Sure, it released two weeks after SAGE, but I’m still going to review it. Find out why!
All throughout SAGE, I was notoriously hard on a lot of fangames. A number of people on a few communities called me out for holding fangames to the same standards I hold real retail games. That is, most likely, because I also review retail games, but it’s also in part because of fangames like Sonic Nexus.
Perhaps its hypocritical of me to mention how generic a fangame like Sonic GEDA is and then turn around and say that Sonic Nexus is amazing, but there is something that sets Sonic Nexus apart from most Sonic fangames. The graphics are tight and cohesive – though made up of bits and pieces of other Sonic levels, every tile is just new enough so that it feels fresh and original. Level design is perhaps some of the most solid level design I’ve ever seen in a Sonic fangame, with the newest Nexus demo offering up two massive acts of the Sunset Shores level. Even when struggling to finish quickly in order to place in the Time Trial Youtube Contest, each act would take me roughly two minutes each. For those daring enough to explore a bit, you can expect times closer to five or ten minutes for each act. That’s incredible. Equally as impressive is how “right” the levels feel – never too cramped, never too empty, never too short and never too long. This ranks up there with official Sonic game level design. Music deserves a special mention, not just for being originally composed, but for sounding pretty good, too. The game has its own unique theme music, and each level has original tunes. Speaking personally, the music in Nexus makes me think of what Sonic CD would sound like if Richard Jacques (Musician Sonic 3D Blast on the Saturn and Sonic R) composed it. Also of special mention is the game’s animated intro sequence, which, while feeling a bit simple visually (the flash roots are showing a bit), is still far beyond anything most fangames usually do.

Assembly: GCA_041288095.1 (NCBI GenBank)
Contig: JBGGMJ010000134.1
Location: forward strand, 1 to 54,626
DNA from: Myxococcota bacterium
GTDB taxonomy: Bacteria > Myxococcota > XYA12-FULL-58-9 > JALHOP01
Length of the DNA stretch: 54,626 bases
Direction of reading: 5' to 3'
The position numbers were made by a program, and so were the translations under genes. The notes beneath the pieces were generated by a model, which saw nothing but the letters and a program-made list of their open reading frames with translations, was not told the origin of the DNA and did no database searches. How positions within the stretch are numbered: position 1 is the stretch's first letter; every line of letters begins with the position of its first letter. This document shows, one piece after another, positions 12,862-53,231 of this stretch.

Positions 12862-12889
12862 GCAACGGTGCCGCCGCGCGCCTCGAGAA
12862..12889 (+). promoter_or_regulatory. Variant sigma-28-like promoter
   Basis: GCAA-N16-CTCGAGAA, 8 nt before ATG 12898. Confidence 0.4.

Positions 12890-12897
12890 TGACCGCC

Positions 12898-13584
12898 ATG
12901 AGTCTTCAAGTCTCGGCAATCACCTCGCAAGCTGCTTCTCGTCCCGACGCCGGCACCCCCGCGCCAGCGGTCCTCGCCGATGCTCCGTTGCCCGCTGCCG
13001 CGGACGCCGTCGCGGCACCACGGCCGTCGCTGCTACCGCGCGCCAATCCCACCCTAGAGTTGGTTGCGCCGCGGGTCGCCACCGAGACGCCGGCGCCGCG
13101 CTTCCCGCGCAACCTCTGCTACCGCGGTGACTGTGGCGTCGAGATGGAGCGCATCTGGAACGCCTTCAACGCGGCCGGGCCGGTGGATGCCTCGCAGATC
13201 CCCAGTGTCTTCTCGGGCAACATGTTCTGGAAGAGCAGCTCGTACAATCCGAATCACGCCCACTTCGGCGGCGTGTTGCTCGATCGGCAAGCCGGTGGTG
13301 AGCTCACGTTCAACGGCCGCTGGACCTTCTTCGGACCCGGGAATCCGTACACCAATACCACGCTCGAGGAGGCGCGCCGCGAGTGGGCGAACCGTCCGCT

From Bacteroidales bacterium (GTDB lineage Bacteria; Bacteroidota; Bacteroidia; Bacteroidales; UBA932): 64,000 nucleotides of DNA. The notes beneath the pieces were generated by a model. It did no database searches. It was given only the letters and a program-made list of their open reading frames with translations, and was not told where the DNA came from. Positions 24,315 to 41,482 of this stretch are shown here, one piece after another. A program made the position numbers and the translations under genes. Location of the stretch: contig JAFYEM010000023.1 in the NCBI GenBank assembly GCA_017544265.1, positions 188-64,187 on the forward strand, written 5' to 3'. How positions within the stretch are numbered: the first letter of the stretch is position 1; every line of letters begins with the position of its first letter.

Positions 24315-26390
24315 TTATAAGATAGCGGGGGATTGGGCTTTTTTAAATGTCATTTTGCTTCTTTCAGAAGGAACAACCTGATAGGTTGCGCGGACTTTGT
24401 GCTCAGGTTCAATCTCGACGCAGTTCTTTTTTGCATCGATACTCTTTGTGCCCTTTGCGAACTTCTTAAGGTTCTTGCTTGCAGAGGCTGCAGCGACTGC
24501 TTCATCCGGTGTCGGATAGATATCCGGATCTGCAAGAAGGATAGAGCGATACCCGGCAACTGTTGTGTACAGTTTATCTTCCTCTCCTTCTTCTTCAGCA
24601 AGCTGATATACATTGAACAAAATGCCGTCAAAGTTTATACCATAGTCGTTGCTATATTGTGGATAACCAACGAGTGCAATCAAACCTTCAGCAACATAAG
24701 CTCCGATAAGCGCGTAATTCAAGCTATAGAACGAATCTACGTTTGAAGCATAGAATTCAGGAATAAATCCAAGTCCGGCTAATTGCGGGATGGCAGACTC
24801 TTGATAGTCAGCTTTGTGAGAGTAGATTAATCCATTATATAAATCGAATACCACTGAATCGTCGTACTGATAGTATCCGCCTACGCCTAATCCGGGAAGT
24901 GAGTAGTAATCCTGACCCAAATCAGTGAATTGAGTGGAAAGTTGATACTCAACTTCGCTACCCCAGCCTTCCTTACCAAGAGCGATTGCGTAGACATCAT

The typically awkward fangame enemy design still technically exists here. Enemies aren’t quite on par with offical Sonic game enemies, but this is probably as close as anybody has gotten without just re-using old Sonic enemies verbatim. Enemy placement is a little bit suspect, as more than a few times the game threw me in to an obstacle with very little warning; that being said, though, the game’s creators have already acknowledged this and have said they are working to fix it for future releases of the game, so it’s probably not even worth mentioning. The only other problem I have with the level is with the “hang glider” gimmick introduced – more often than not, it’s positioned in places where you think it would work, but more often than not, I seem to grab it at the wrong times; in a few places, I’ll be going so fast I’ll overshoot the hang glider by a considerable distance and have to walk back to use it (as there are times where you have to use it to continue). Other times, I’ll get thrown in to the glider at the wrong time and it’ll end up breaking my flow. I’m not entirely sure, though, if this is a problem even worth fixing, as all it takes is a little memorization before you know where most of the glider locations are. At the same time, though, the hang glider segments in Mushroom Hill from Sonic & Knuckles were always set up so it was almost impossible to “miss” the glider, and you were always going slow enough to notice it before grabbing on to it. Regardless, this isn’t anything that even comes close to ruining anything about this fangame, and I am firmly entrenched in nitpick territory right now.
Which brings us to the verdict: Sonic Nexus is one of the finest examples of a Sonic fangame from the community. Outside of a ROM hack like Sonic 1 Megamix, this is one of the few games that comes really close to replicating the look, feel, and sound of the classic Sonic games. You would have to be incredibly jaded and cynical to deny yourself the enjoyment of playing this game. Do not miss Sonic Nexus.